4. After 20 years of federal service, you made the jump into the private sector – what prompted that decision?
Two big things: First, I had something in my head that Sue Gordon told us when she was Deputy Director of NGA – “look for the job where you’re going the learn the most” (a bad paraphrase for what was certainly an elegant axiom). I’d been interested in learning “the dark side” of public service for many years and decided that I would learn so much more in the private sector than by staying a government civilian. Second, I love living in Denver and knew that eventually I would need to forge my own path to blend the life that I wanted with the career goals that I have. I really feel that civil service is important, but there were some limitations for me in staying in government and staying in Denver. I believe that there are many ways to be in public service, and I feel lucky to have talked PwC/Guidehouse into taking a chance on me!
5. You have some amazing (and interesting) degrees under your belt. How has education helped your career progression?
I’ve picked education paths and degrees based on what I wanted to learn, rather than what I thought I would be good for my career. Absolutely no one would have recommended a degree in Religious Studies in Mysticism, and few would have said a PhD in Public Affairs was a good idea. However – each degree has given me a different toolkit to use and added a facet to my personality. (My BA gave me needed context for my deployment in Bosnia.) I’ve used the tools more than the degrees themselves to help advance my career and build my personal brand. I got as much or more out of the educational excursions (like a Certificate of Entrepreneurship) than I did from the primary degree track. Also – I’m very grateful for the post-9/11 GI-Bill that helped me get my PhD. My PhD was a fascinating journey that gave me insight into some of the hows and whys of our government, and showed me I can write a book (a potential goal); it has also come in handy when methodological questions arise.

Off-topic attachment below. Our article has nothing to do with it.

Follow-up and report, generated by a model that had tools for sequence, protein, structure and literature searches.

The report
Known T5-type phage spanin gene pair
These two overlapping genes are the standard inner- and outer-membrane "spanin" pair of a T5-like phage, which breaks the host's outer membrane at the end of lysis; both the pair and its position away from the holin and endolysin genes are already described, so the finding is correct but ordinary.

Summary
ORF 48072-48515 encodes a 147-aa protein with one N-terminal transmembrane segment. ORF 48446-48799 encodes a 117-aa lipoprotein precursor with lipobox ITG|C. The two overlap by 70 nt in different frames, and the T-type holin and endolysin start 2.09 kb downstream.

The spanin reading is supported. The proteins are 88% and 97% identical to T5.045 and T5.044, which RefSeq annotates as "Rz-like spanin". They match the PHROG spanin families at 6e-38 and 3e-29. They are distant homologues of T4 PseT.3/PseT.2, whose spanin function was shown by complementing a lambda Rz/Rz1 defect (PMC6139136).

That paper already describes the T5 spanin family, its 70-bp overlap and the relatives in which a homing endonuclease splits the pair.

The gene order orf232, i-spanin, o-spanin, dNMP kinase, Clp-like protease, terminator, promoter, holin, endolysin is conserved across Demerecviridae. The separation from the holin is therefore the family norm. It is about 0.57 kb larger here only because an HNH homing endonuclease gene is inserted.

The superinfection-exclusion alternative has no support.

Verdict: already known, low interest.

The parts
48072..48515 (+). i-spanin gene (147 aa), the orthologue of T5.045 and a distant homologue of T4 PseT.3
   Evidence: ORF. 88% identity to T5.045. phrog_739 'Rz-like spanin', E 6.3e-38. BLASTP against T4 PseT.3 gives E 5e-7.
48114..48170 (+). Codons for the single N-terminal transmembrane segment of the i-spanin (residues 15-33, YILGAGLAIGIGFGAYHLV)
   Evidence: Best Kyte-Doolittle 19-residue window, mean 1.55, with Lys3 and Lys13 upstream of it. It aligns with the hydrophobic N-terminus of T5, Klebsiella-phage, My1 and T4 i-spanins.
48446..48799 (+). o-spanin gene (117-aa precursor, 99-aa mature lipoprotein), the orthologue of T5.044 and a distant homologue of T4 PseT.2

6. Tell me about the Intelligence Champions council – why is it an area that’s important to you?
I’ve felt very isolated for much of my career. Denver’s a great place, but it doesn’t often feel connected to the larger national security and intelligence community. I really want to help the professionals in Colorado be a part of something greater and be a part of national conversations on how the community is changing and how to have a successful, happy career. But I also recognize that many professionals on the East Coast may feel the same way and are looking to be a part of something a bit bigger. The Intelligence Champions Council is focused on mentoring and career growth for professionals at all levels – including professionals outside of the National Capital Region.
I think of our events as a way to increase the amount of information and connections that individuals have to help build their career and help the nation succeed. I’m very excited about the Mid-Career Reboot event because it targets a population that often gets overlooked and would have helped me a lot! We’re also planning on a multimedia presentation to highlight the different types of roles contractors have in contributing to national security. I’m confident that our work helps to build a stronger and more connected community!